During the congressional hearings, lawmakers heard from former F.D.A. scientists who had criticized their agency’s oversight of the Ketek trials and the drug-approval process. One was Dr. David Ross, who had been the F.D.A.’s chief reviewer of new drugs for 10 years, and was now the national director of clinical public-health programs for the U.S. Department of Veterans Affairs. When he explained his objections, he offered a litany of reasons that could be applied to any number of other drugs: “Because F.D.A. broke its own rules and allowed Ketek on the market. Because dozens of patients have died or suffered needlessly. Because F.D.A. allowed Ketek’s maker to experiment with it on children over reviewers’ protests. Because F.D.A. ignored warnings about fraud. And because F.D.A. used data it knew were false to reassure the public about Ketek’s safety.”

Trials and Error

To have an effective regulatory system you need a clear chain of command—you need to know who is responsible to whom, all the way up and down the line. There is no effective chain of command in modern American drug testing. Around the time that drugmakers began shifting clinical trials abroad, in the 1990s, they also began to contract out all phases of development and testing, putting them in the hands of for-profit companies. It used to be that clinical trials were done mostly by academic researchers in universities and teaching hospitals, a system that, however imperfect, generally entailed certain minimum standards. The free market has changed all that. Today it is mainly independent contractors who recruit potential patients both in the U.S. and—increasingly—overseas. They devise the rules for the clinical trials, conduct the trials themselves, prepare reports on the results, ghostwrite technical articles for medical journals, and create promotional campaigns. The people doing the work on the front lines are not independent scientists. They are wage-earning technicians who are paid to gather a certain number of human beings; sometimes sequester and feed them; administer certain chemical inputs; and collect samples of urine and blood at regular intervals. The work looks like agribusiness, not research.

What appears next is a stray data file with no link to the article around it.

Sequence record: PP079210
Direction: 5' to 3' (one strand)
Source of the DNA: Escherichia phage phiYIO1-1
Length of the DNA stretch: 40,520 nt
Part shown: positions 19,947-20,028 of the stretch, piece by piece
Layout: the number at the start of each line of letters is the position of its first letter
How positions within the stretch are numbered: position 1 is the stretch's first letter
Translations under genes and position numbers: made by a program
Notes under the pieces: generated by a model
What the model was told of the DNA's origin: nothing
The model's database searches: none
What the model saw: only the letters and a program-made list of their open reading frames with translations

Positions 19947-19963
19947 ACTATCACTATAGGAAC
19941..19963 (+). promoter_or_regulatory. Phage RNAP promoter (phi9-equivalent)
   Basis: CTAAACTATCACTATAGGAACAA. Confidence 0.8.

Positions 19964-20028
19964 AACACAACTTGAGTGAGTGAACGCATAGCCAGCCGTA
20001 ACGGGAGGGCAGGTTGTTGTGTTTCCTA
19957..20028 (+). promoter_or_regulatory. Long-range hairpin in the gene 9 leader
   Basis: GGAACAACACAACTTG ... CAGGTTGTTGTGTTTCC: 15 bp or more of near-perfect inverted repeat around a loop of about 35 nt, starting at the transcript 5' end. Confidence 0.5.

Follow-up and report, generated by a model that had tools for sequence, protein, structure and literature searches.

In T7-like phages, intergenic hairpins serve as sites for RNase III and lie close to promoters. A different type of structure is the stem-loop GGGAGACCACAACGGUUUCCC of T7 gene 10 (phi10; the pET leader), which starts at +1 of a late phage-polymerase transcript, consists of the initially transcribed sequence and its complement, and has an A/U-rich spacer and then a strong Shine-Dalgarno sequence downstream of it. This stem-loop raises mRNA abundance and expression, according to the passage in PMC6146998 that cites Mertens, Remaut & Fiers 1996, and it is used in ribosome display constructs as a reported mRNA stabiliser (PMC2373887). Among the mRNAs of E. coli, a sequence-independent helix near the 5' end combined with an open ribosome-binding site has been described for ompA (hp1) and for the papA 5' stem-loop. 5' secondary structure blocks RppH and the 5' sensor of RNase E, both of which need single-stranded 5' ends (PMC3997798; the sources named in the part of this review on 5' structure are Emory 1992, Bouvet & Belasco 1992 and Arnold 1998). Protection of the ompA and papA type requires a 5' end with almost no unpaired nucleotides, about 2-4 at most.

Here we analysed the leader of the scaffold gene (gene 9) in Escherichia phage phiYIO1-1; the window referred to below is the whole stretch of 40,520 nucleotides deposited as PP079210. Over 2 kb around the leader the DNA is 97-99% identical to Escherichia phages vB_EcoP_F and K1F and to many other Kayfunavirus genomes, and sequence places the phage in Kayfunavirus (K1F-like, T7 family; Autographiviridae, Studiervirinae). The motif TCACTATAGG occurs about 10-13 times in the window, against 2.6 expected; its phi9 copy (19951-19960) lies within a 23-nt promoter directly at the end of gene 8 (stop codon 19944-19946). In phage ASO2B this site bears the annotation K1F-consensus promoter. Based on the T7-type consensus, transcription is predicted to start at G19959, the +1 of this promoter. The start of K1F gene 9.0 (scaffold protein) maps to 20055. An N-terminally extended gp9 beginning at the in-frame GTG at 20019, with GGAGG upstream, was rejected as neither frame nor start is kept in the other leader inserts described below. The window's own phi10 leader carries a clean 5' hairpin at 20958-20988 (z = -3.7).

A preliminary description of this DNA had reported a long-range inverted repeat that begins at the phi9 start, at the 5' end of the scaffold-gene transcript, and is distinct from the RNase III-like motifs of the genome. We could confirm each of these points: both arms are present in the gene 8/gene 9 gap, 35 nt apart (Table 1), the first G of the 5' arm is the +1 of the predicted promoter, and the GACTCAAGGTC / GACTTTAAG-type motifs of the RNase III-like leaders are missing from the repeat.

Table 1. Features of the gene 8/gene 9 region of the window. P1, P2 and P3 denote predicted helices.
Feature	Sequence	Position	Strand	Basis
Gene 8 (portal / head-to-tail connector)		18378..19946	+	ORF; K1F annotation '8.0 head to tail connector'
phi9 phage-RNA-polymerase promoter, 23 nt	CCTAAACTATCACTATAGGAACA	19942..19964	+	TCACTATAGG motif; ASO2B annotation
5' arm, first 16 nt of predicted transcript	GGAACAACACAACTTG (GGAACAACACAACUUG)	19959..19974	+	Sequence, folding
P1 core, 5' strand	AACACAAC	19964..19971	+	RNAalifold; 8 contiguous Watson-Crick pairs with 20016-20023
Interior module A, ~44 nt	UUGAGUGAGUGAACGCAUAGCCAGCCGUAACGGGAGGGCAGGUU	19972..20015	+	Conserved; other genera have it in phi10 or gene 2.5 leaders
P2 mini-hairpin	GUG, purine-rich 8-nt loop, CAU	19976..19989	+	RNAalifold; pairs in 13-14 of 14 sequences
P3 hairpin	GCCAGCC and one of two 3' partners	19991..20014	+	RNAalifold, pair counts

What began as a mom-and-pop operation has grown into a vast army of formal “contract-research organizations” that generate annual revenue of $20 billion. They can be found conducting trials in every part of the world. By far the largest is Quintiles Transnational, based in Durham, North Carolina. It offers the services of 23,000 employees in 60 countries, and claims that it has “helped develop or commercialize all of the top 30 best-selling drugs.”

Quintiles is privately owned—its investors include two of the U.S.’s top private-equity firms. Other private contractors are public companies, their stock traded on Wall Street. Pharmaceutical Product Development (P.P.D.), a full-service medical contractor based in Wilmington, North Carolina, is a public company with 10,500 employees. It, too, has conducted clinical trials all around the world. In fact, it was involved in the clinical trials for Ketek—a P.P.D. research associate, Ann Marie Cisneros, had been assigned to monitor Dr. Anne Kirkman-Campbell’s testing in Alabama. Cisneros later told the congressional investigating committee that Kirkman-Campbell had indeed engaged in fraud. “But what the court that sentenced her did not know,” Cisneros said, was that “Aventis was not a victim of this fraud.” Cisneros said she had reported her findings of fraud to her employer, P.P.D., and also to Aventis. She told the congressional committee, “What brings me here today is my disbelief at Aventis’s statements that it did not know that fraud was being committed. Mr. Chairman, I knew it, P.P.D. knew it, and Aventis knew it.” Following her testimony the company released a statement saying it regretted the violations that occurred during the study but was not aware of the fraud until after the data was submitted to the F.D.A.

The F.D.A., the federal agency charged with oversight of the food and drugs that Americans consume, is rife with conflicts of interest. Doctors who insist the drug you take is perfectly safe may be collecting hundreds of thousands of dollars from the company selling the drug. (ProPublica, an independent, nonprofit news organization that is compiling an ongoing catalogue of pharmaceutical-company payments to physicians, has identified 17,000 doctors who have collected speaking and consulting fees, including nearly 400 who have received $100,000 or more since 2009.) Quite often, the F.D.A. never bothers to check for interlocking financial interests. In one study, the agency failed to document the financial interests of applicants in 31 percent of applications for new-drug approval. Even when the agency or the company knew of a potential conflict of interest, neither acted to guard against bias in the test results.